Paleo diets have been increasingly popular over the last few years.  The idea is that, for optimal health, we should be eating the things that we are evolutionarily adapted to eat.  Those foods pre-date the onset of large-scale agriculture 10-12,000 years ago.  So grains and modern fruits and vegetables play little or no role in someone who has “gone paleo.”

My recollection from college courses years ago is that average lifespan in paleolithic times was perhaps 25-30 years, or less.  If you’re going to die at 25, it may not matter if you eat a lot of  wooly mammath, berries, insects, cholesterol, saturated fats, Doritos, Ding Dongs, or Cheetos.  The diseases of civilization we worry about today—coronary heart disease, high blood pressure, cancer, dementia, type 2 diabetes, etc.—don’t usually appear until after age 30.  Paleolithic Man worried more about starvation.

Jenny Ruhl, at her Diabetes Update blog, recently put much more critical thought than I into the concept of paleo diets.  Recommended reading.    

Steve Parker, M.D. 

Extra credit

For purposes of discussion, let’s assume that human evolution actually occurred over millions, or at least hundreds of thousands, of years.  In other words, assume that God didn’t make Adam and Eve in human form in one day.

The theory of evolution proposes that genes that allow an animal to live and reproduce more vigorously in a particular environment will be passed on to the animal’s offspringNature will select those genes to spread through the animal population over time, assuming the environment doesn’t change.  The offspring with those genes will be able to compete with other animals more successfully for food, shelter, and mates.  Factors that promote the persistence and inheritance of specific genes are called “selection pressure.”

Here’s an example of selection pressure.  Remember when you were in grade school on the playground, some people could naturally run faster than others?  Were you one of the fast ones?  If you’ve never seen it for yourself, take my word for it: Some people are naturally gifted with athletic genes.

Let’s say you and I are outside collecting berries and nuts in paleolithic times.  A saber-toothed tiger spots us and charges, hungry for a meal.  You don’t have to outrun the tiger: you just have to outrun me.  I’m slower than you, and get eaten.   I can no longer pass on my slow-running genes to the next generation.  You live another day and pass on your fast-running genes to your children.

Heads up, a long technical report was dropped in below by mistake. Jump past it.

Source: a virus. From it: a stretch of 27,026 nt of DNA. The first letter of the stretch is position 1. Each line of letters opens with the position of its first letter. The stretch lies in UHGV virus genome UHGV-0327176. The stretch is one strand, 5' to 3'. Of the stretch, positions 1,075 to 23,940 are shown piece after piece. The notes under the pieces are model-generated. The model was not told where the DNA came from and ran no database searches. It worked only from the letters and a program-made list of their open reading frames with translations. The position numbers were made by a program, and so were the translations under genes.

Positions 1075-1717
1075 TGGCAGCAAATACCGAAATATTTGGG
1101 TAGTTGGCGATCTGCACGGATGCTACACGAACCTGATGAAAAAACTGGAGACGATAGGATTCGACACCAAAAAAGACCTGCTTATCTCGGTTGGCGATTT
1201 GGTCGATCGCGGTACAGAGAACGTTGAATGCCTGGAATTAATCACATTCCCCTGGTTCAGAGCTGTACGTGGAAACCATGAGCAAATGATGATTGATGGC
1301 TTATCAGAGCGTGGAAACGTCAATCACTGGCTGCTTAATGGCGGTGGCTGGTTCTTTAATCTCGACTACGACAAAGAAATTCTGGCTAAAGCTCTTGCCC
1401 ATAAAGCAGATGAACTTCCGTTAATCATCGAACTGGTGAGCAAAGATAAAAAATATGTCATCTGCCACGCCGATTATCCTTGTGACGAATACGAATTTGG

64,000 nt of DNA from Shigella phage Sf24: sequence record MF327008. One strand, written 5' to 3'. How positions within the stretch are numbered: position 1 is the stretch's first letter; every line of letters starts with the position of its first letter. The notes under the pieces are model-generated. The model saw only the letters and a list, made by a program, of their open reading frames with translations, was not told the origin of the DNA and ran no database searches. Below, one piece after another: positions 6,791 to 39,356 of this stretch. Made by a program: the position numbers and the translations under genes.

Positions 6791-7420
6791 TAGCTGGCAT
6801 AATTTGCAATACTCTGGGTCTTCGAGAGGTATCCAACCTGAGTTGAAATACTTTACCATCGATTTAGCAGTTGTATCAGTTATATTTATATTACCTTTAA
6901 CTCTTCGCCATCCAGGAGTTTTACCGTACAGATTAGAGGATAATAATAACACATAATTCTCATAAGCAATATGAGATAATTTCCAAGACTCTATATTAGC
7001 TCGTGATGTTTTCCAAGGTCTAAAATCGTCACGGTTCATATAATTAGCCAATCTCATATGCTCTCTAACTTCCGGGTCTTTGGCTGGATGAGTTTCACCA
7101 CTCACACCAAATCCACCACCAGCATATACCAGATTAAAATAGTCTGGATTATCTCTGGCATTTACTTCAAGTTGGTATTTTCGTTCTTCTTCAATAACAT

Viola!  Natural selection, via selection pressure, has promoted your genes over mine.

[The tiger also passes on her genes since she was fast and smart enough to catch me, preventing starvation of her and her offspring.] 

[I’m 99% sure I wrote the preceeding few paragraphs originally about a year ago.  My notes, however, hint that they may have been written by Dr. J., a regular contributor at CalorieLab.  Dr. J., let me know if I’ve plagiarized you and I’ll give you full credit and delete my writing.]

The paleo diet rationale seems to be based on an evolutionary argument: Certain foods were available to us during 99% of our evolution, so our bodies are adapted to work optimally with them.  For example, humans/humanoids/higher primates who were not suited to the available food did not survive and reproduce, so their genes were not passed on to us.

For most of human existence, maximum lifespan was probably 25-30 years, on average. If that’s as long as you’re going to live, it may not matter much what you eat. Eat paleo, vegetarian, McDonald’s, Atkins, or Mediterranean. Most diet-related conditions except overweight and under-nutrition are not going to be an issue before age 30. 

[The modern paleos argue that infant and childhood mortality were extremely high in paleolithic times.  If you survived childhood, you could easily live to be 50+.]

But now we live to be 80, long enough for diet-related diseases to appear. We have cancer, heart attacks, and strokes that paleo man never saw because he died of trauma or infection or starvation. We even see the expression of genes that were not subjected to survival or selection pressure: Alzheimers disease, Huntingtons chorea, some breast cancers, etc.  People with genes for these diseases reproduce before the genes do their damage.

In other words, we carry genes that don’t matter if you die at age 30. If you live longer, they express themselves, and I believe we can modify their expression through diet and lifestyle. And not necessarily the paleo diet.

I’m still thinking it through.

For the other side of the argument, visit Mark’s Daily Apple, At Darwin’s Table, or read Dr. Loren Cordain’s The Paleo Diet.

-Steve